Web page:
The tower defense genre has yet to be fully exploited in virtual reality.
It’s a curious omission, given the Oculus Rift’s ability to let the player lean in and around to get a better look at the environment below them. Thankfully, Korix is here to fill that hole; a real-time strategy game with tower defence elements that’s fun, addictive and a very welcome additional to the Rift library.
Load the game and you’ll find yourself in a 3D menu with options for playing the tutorial, selecting a level or customizing the game. Load the tutorial and you’ll find yourself sitting in a fixed position over a miniature world of blue blocks. To the left is the enemy camp, while to the right is your home base. You’ll notice a vivid blue pool nearby. This is the games resource node, and you’ll need to send workers out to gather energy points from it to progress through the game. It’s best to work quickly, however, because seconds after the match begins the enemy base starts pumping out soldiers in your direction.
Fending off enemy troops is key to succeeding in Korix, and to do this you’ll need to line the landscape with walls manned with turrets. As with all great tower defence games you can build “corridors” to funnel enemy troops down a fixed route, helping to give yourself extra time to collect resources and build an army. Turrets will need to be upgraded over time, however, as enemy troops quickly increase in number and can destroy towers and turrets with passing fire. Before you know it Korix has quickly turned into a fast-paced and highly-tactical game, so you’ll need to work frantically to build, gather and repel. In-game weapons include turrets, missile launches and a match-winning nuke (although you’ll need to gather a massive 2,000 points to purchase it), while it’s also possible to send out troops and tanks to attack the enemy base. This is classic strategy gaming at its best, and it makes for a fun experience that causes time to pass-by in the blink of an eye.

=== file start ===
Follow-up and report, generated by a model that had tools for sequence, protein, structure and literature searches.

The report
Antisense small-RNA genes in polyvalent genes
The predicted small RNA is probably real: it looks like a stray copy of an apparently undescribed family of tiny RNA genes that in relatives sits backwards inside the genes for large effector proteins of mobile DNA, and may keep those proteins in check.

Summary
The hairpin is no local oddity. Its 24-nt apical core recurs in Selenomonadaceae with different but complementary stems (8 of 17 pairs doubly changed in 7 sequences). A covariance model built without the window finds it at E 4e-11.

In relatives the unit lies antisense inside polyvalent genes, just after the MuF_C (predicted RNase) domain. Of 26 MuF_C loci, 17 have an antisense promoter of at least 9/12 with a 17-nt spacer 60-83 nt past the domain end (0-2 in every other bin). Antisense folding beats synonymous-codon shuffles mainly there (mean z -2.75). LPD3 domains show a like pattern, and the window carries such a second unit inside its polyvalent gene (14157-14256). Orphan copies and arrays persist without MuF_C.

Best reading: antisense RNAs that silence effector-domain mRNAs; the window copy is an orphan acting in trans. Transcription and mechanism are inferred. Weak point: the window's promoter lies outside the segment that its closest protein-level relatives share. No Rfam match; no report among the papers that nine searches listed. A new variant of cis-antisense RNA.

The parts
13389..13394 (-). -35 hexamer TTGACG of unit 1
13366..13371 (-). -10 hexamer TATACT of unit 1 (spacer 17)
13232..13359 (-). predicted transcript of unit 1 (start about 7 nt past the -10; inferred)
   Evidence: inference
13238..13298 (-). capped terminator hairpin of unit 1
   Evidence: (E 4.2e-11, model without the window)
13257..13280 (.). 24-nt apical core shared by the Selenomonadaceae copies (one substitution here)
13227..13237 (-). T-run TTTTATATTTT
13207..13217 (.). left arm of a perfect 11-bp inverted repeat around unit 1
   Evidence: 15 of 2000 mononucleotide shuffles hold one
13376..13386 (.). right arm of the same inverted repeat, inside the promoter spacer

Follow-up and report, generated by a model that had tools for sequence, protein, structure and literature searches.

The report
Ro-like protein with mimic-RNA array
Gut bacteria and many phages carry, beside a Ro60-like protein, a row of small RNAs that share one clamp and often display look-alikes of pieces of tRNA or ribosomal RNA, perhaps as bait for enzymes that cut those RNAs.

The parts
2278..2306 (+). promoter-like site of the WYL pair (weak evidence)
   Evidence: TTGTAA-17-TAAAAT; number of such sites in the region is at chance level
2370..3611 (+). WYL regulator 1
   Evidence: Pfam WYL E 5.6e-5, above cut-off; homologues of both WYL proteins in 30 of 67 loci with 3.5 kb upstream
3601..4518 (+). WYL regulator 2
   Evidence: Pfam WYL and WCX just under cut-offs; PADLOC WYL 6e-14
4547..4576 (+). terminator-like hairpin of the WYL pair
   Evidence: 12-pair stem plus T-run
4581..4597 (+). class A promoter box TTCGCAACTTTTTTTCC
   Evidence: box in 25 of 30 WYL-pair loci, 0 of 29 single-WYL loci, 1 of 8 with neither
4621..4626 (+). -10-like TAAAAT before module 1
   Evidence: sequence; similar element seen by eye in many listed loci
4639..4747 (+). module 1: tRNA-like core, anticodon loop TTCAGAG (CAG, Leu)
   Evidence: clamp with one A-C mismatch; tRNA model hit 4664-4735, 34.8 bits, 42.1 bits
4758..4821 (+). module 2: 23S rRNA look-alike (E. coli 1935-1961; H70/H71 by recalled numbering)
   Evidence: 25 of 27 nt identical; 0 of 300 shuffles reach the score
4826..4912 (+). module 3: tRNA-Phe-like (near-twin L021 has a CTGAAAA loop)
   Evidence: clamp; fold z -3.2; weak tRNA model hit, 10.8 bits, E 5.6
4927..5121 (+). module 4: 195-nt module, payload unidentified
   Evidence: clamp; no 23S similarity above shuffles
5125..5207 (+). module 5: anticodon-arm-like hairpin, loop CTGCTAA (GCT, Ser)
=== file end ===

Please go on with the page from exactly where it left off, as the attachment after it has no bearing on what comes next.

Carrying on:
Thankfully the in-game controls are easy to master, even though nearly every button on the controller is mapped to a function. Using the d-pad you can cycle through building resources or upgrade/delete items, while holding down the B button whilst looking at the enemy base instructs all turrets and missile launches to open fire (if they’re within reach). Using the shoulder buttons it’s also possible to rotate the camera, which certainly helps to place objects on the later levels which are large in size.
Graphically Korix is a simple but effective game. Polygons lack textures, giving the game a “Tron”-like feel, while the battlefield is table-sized, enabling you to lean in using positional-tracking to look over walls and obstacles. Text and in-game user interface elements are rendered close to the eyes, creating a vivid 3D effect that’s likely to cause strain; but once you’re accustomed to the large depth of field you’ll find it easy to focus on either the in-game world of the overlay text.
With support for positional-tracking and a buttery smooth frame rate, Korix is a comfortable experience that really “pops” on the Oculus Rift display. Being able to lean around the battlefield for a closer look at your troops and resources really helps to improve the gameplay experience, while the dark Tron-like setting helps to immerse you in the virtual world ahead.
Priced $7.99, this is an affordable game that you’re likely to play multiple times. More levels and environment variation would be welcome (only 8 are included in the current release), but the developers at Stella VR are promising more to come along with an additional skirmish mode. You can buy Korix from it’s official website here, and also download a free demo from The Rift Arcade Downloads that includes the first 4 levels is also available.
Classic strategy gaming mixed with tower defence gameplay makes Korix an essential Oculus Rift game. More levels and environments would be welcome, but with plenty of weapon variation you'll find lots to enjoy here.
- Addictive gameplay
- Comfortable VR experience
- Limited number of levels
- Larger levels can be difficult to manage
Ratings in depth
Oculus Rift Experience